Thanks, Bill.

Have no idea about the dorsal surface, I was inside and he was 
clinging to the window outside, so all I could see was his 

Tree frog would make sense, since they've been singing away in 
the light woods behind my house, but that woods is a long way 
away for such a small creature, across four or five acres of 
planted red clover and then lawn.

Why do you suppose it would take such a long trip?


William H. Barnard wrote:
> Jane, is the dorsal surface mottled gray and green.  Sounds like a Gray
> Treefrog.  They have been calling actively at Lake Hortonia in
> Sudbury/Hubbardton ove the weekend.
> Bill 
> -----Original Message-----
> From: Vermont Birds [mailto:[log in to unmask]] On Behalf Of Jane Stein
> Sent: Tuesday, June 17, 2008 2:21 AM
> To: [log in to unmask]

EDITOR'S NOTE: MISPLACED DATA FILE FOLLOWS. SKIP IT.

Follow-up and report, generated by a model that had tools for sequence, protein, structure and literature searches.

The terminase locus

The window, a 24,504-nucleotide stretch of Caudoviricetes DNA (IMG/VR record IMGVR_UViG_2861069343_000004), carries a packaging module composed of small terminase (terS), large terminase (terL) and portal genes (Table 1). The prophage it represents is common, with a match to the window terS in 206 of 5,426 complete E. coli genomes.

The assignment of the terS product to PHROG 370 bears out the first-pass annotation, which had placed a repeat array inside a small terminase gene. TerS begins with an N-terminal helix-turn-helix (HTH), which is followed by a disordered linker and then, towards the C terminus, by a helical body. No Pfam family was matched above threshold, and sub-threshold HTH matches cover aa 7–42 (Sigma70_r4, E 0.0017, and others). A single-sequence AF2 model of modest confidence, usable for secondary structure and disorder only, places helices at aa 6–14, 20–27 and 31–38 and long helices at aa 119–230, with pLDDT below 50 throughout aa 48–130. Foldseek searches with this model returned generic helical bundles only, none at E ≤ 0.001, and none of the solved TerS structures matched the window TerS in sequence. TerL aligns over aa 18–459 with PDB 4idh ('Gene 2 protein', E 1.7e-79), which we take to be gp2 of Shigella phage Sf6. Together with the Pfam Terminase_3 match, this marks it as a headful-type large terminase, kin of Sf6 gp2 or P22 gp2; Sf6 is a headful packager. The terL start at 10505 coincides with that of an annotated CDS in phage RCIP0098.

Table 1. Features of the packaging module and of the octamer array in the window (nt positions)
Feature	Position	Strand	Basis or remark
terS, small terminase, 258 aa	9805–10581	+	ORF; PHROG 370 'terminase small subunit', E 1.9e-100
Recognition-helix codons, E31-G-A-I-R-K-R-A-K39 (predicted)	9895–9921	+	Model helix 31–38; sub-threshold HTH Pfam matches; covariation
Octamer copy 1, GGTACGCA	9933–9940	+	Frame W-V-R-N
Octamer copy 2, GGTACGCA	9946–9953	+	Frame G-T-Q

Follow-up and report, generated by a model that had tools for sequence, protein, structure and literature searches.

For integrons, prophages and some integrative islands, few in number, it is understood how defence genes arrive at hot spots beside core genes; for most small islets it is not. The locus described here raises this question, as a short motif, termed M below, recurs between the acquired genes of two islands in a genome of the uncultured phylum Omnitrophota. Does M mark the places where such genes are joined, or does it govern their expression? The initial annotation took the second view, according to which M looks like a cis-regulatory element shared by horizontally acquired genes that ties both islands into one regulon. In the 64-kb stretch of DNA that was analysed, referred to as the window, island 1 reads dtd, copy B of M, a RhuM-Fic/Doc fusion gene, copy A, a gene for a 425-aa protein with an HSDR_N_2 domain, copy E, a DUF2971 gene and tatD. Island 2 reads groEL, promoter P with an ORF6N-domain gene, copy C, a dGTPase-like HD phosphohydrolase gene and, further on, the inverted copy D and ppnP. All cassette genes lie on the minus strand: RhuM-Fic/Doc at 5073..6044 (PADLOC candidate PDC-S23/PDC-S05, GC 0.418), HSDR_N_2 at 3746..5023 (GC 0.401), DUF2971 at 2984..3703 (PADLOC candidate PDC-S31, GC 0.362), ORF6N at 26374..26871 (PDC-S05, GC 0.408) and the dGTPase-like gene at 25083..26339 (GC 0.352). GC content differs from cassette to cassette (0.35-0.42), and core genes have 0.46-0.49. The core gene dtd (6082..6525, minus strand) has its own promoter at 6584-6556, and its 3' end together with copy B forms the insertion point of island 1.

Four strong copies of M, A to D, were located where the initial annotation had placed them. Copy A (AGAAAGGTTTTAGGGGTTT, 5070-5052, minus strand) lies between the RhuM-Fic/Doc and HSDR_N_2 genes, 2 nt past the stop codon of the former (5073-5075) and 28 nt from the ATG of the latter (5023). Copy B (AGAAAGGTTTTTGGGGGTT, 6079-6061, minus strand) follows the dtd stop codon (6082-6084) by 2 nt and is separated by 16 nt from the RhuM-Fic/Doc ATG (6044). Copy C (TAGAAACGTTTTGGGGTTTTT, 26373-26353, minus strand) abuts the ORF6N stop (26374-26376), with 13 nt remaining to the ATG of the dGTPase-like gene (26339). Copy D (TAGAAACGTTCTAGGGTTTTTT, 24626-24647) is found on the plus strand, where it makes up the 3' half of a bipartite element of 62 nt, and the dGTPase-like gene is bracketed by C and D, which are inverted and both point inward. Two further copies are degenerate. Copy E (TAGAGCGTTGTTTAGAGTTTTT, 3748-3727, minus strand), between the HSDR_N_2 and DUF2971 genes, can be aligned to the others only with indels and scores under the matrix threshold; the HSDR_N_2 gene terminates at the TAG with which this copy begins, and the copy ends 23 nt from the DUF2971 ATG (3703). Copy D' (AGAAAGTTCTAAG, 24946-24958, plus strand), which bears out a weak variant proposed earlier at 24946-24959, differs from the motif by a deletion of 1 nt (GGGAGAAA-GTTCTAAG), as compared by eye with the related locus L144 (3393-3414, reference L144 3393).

> Subject: [VTBIRD] OT: Herp
> Any herp experts on the list?
> There's a small frog on the outside of my kitchen window.  It 
> measures 2 inches from head to butt.  Its breast, throat and 
> under its chin are a dull white, the rest of its underparts, 
> including all four limbs limbs, is a pale rufous color.
> I live nowhere near any water.  This particular window has no 
> screen, ahd the frog is clinging to the glass of a small old 
> farmhouse window about 6 feet from the ground.
> At least, I assume it's a frog and not a toad.  It's definitely 
> not one of the tiny garden toads.  Its folded back legs stick out 
> at right angles from its body.
> Any idea?  My house is in the middle of about 5 acres or so of 
> cleared land, behind which is a strip of thin young woods.  I do 
> hear American tree frogs calling/singing from there.  Could this 
> be one of them?  It would have had to cross an amazing amount of 
> clover and then grass for such a small critter.
> Jane
> Shoreham